You may recognize dancer-performance artist-“faux queen” Fauxnique a.k.a. Monique Jenkinson from such gigs as winning the 2003 edition of Heklina’s landmark drag competition formerly known as the Trannyshack Pageant, or her solo show The F Word, or her appearances on nearly every stage in San Francisco. Fauxnique’s new production C*NT, or, The Horror of Nothing to See debuts Fri/9-Sat/10 at ODC Theater as part of the Walking Distance Dance Festival. It promises to dissect “(misogynistic) pathologizing and (feminist) mythologizing around the female body,” according to its presser. We caught up with the artist via Skype to discuss the holes in our current understanding of gender.
48H To start I’d like to clarify our language. Is faux queen your preferred terminology as a cis woman who does drag?
FAUXNIQUE Some people mind faux queen. I don’t — I think it’s funny. I use Fauxnique as my drag name, I like playing with the idea of “faux,” the idea of fakery. The idea that a cis gendered woman who does drag is considered the fake version … The politics around it, this idea that if you’re a faux queen you’re in this lesser category is … problematic. But I think it’s a rich place — I like being in the problematized space sometimes, looking at what that is and how we process it
48H Drag Race has shaped mainstream understanding of drag culture so much since it debuted in 2009. I was wondering why there had never been a faux queen in all the nine seasons, and in my exploratory Googling I ran across a RuPaul tweet from last year saying that she didn’t need to cast female — presumably she means cis women, since she has had trans women on the show — drag queens because that’s what the Miss Universe pageant was for.
FAUXNIQUE Oh that’s so dumb. It’s a cute answer, you know, that the pageant queens are doing drag. Women performing that kind of femininity are totally in drag. But it’s also kind of — whatever, I don’t know what RuPaul’s real politics around that are. I think that everything that RuPaul says is calculated to create drama.
48H Does it concern you, that the leading voice in drag talks like that?
FAUXNIQUE Women have been performing drag for as long as there has been all these trappings used to identify what is feminine. It’s always all been drag. So to think that RuPaul would not consider women dressing up as drag queens to be drag — it’s funny to me. Especially if you ever watched RuPaul’s Drag U. It was a spinoff show where drag queens would take women under their wing and make them into drag queens. There was one episode with women who had been Hollywood actors. [Note: Do not watch this 2010 episode unless you want to see Charlen Tilton from Dynasty win Ru’s top honors wearing actual blackface.] One of them was great — they made her into a drag queen and she was like “I’ll be so sexy for my husband!” And I was like no you’re not! You’re being a drag queen, which is a really different thing! That’s why I feel like RuPaul is smarter than that? But maybe it’s about marketing and what people are ready for. I have to hand it to the queens here in the Bay Area, who have always been subverting what the definition of drag was.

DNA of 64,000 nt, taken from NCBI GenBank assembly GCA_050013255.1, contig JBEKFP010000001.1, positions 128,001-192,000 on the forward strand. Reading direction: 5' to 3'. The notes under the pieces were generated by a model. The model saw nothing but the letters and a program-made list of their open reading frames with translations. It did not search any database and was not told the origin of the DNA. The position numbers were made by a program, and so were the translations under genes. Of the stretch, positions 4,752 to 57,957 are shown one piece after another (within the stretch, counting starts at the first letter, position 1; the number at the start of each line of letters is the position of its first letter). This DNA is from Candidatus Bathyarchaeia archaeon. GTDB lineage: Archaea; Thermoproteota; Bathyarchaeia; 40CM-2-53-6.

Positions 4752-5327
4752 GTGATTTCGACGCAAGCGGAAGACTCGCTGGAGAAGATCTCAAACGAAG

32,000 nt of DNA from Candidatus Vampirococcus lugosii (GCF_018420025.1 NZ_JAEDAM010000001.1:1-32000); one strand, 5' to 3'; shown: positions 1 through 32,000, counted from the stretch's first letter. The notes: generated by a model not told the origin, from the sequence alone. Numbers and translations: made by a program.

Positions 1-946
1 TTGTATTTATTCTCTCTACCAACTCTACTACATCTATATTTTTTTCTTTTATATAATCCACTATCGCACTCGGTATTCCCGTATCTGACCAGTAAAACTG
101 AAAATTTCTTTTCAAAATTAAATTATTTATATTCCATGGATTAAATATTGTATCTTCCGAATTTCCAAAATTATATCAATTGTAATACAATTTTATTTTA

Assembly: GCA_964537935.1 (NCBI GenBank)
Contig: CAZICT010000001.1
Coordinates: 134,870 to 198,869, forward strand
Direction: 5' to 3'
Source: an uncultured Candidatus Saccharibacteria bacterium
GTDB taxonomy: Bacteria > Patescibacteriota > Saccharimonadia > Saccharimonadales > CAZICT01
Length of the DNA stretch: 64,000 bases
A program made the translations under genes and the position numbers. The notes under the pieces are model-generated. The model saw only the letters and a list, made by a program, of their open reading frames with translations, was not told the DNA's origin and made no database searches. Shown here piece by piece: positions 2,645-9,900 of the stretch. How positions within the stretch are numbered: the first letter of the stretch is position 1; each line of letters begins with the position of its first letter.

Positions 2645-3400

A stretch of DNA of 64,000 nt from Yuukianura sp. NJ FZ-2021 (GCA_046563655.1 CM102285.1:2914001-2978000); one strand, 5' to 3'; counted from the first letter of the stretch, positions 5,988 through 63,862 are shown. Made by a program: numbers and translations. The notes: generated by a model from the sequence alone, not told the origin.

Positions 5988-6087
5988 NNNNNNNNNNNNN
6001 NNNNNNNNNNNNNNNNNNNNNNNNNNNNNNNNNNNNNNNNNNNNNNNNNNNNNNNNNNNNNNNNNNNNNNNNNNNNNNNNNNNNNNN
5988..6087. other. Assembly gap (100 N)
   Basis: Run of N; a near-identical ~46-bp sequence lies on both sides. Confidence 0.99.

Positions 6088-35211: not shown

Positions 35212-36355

48H That was another one of my questions for you. How has your career in the San Francisco drag community affected your perception of what drag is?
FAUXNIQUE I came into a community that was really welcoming, that was already subverting what drag is, that was ready for women to be part of it. It felt like a very special situation. Sure, when I won Ms. Trannyshack in 2003, if there had been social media to the extent that there is now, I’m sure there would have been tons of commentary about how I didn’t deserve it or whatever.
48H I’m curious about the subtitle of this piece, “The Horror of Nothing to See.” Can you talk a little bit about what it is in reference to?
FAUXNIQUE It comes from an essay by a French feminist Luce Irigaray called “This Sex Which Is Not One.” One of the premises of this work is that I’m reading French feminism as high camp. This essay is specifically about women and the labia, about this idea that, as a culture, we have to have this one to one, the penis or vagina. The vagina is the baby canal, where the penis goes in — but it’s not the locus of sexual pleasure for women.
As phallocentric language makers we have to have this one to one, women have this, man have this — it’s totally binary, it’s not even taking trans sexuality into account. Of course, that’s problematic. It’s also amazing, this way that feminism is being articulated in a bodily sense. Irigaray is saying this sex which is not one, that women’s genitals are a multiplicity. She says that labia is always touching itself, therefore the woman is a walking dialectic. That’s crazy! I love this kind of complication. Then what she says is that this sex which cannot be defined as one is defined as none, as zero, as a vessel, which represents the horror of nothing to see.
So the piece is definitely thinking about the erasure of women in drag. There’s this double negation that happens when you’re called a faux queen. Drag queens are ostensibly men owning femininity, playing with femininity, imitating women. Then when women want to imitate women it’s fakery, it’s not allowed. It’s almost like how dare you, this isn’t yours, is the philosophy of RuPaul. The Miss Universe pageant is actually a very narrow and incredibly patriarchal way in which a woman might be allowed to play with her femininity, whereas the zone of drag is a place to upend that. [C*NT] is about reclaiming that which is hidden, lost, erased.
C*NT, Or, The Horror of Nothing to See, Fri/9-Sat/10, 7 and 8:30pm, ODC Theater, $30 (tickets sold as package with tinypistol’s PoemAnthemSong.) More info and tickets here.